• Lesion or injury to the cervical chain, which can affect a specific side of a person’s body.
  • Trauma to the neck. Severe whiplash can cause for this condition, too.
  • Infection – can be referring to middle ear infections
  • Tumor found on top of the lung. Lung cancer is also found connected with this condition. This is believed as one of the common causes of Horner’s syndrome. About 35% of cases with Horner’s syndrome are caused by tumors affecting the lungs and thyroid.
  • Migraine or headaches that can be in a form of clusters.
  • Stroke or cerebrovascular accident. Aneurysm is also believed to cause this condition. Vascular problems are also commonly pointed out as a root of this condition.

The condition can be differentially identified by the pathway of affectation. The condition is accordingly caused by the following:

  • First neuron – There is an occlusion of the arterial passage at the postero-inferior area of the brain stem, thus resulting to the occlusion and interruption of the blood supply to one’s brain.
  • Second neuron – This is primarily caused by tumors. This includes lung tumors, thoracic tumors, thyroid tumors, and neck trauma or injury.
  • Third neuron – The upper neck is affected. Ear infections and viral agents (Herpes zoster) may have caused the condition.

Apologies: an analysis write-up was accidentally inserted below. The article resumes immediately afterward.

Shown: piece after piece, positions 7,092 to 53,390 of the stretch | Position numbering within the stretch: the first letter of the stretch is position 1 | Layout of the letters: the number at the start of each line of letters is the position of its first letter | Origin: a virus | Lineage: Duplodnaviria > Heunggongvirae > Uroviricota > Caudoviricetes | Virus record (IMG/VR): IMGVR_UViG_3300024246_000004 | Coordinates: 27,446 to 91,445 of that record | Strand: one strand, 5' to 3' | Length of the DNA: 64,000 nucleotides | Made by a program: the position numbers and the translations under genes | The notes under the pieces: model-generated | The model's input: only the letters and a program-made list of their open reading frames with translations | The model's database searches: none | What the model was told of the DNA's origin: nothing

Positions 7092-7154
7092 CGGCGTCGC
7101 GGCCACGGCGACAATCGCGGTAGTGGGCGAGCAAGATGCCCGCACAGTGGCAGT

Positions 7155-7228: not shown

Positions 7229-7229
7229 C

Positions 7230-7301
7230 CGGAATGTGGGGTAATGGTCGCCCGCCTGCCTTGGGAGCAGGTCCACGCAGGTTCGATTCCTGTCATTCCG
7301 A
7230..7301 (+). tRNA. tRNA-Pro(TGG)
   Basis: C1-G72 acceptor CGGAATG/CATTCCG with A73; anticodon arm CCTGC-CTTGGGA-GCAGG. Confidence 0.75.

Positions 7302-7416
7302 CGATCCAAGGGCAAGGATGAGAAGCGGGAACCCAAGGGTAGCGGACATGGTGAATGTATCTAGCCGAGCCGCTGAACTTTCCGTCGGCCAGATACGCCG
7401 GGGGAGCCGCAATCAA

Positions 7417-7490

Other precipitating factors for this condition includes taking of drugs such as those with effects similar to Horner’s syndrome. Common drugs found are diacetylmorphine, levodopa, methotrimeprazine, prilocaine, procaine, and reserpine. These drugs are widely used and can have similar effects as the presentation of Horner’s syndrome.

Horner’s Syndrome Treatment

Specific treatment for this condition is entirely aimed in the avoidance of complications. There is no direct treatment for the condition but it is rooted to treat the presenting symptoms. The etiological history of the patient would assist us in the treatment of Horner’s syndrome.

As the etiology of the condition has been found or identified, treatment is aimed to correct that. If the pathology includes, stroke or aneurysm, correction is done by surgical intervention. When certain drugs have caused for the symptoms of the condition, we need to consult our doctor and report for the unusuality. Avoid neck injury, so to avoid the hazards of acquiring Horner’s syndrome. Have or practice a healthy diet and lifestyle. By this we can avoid the predisposing factors of the disease condition. As these are done, good prognosis can be attained by a person affected because early or abrupt treatment has been provided. It is important that a person would consult his or her ophthalmologist as the symptoms have been identified.

Horner’s Syndrome Pictures

Photos, Images and Pictures of Horner’s Syndrome…

horners syndrome picturesHorner’s Syndrome Pictures

source: eyeplastics.com

horners syndrome picturesHorner’s Syndrome Photos

source: mrcophth.com

horners syndrome picturesHorner’s Syndrome Images

source: mrcophth.com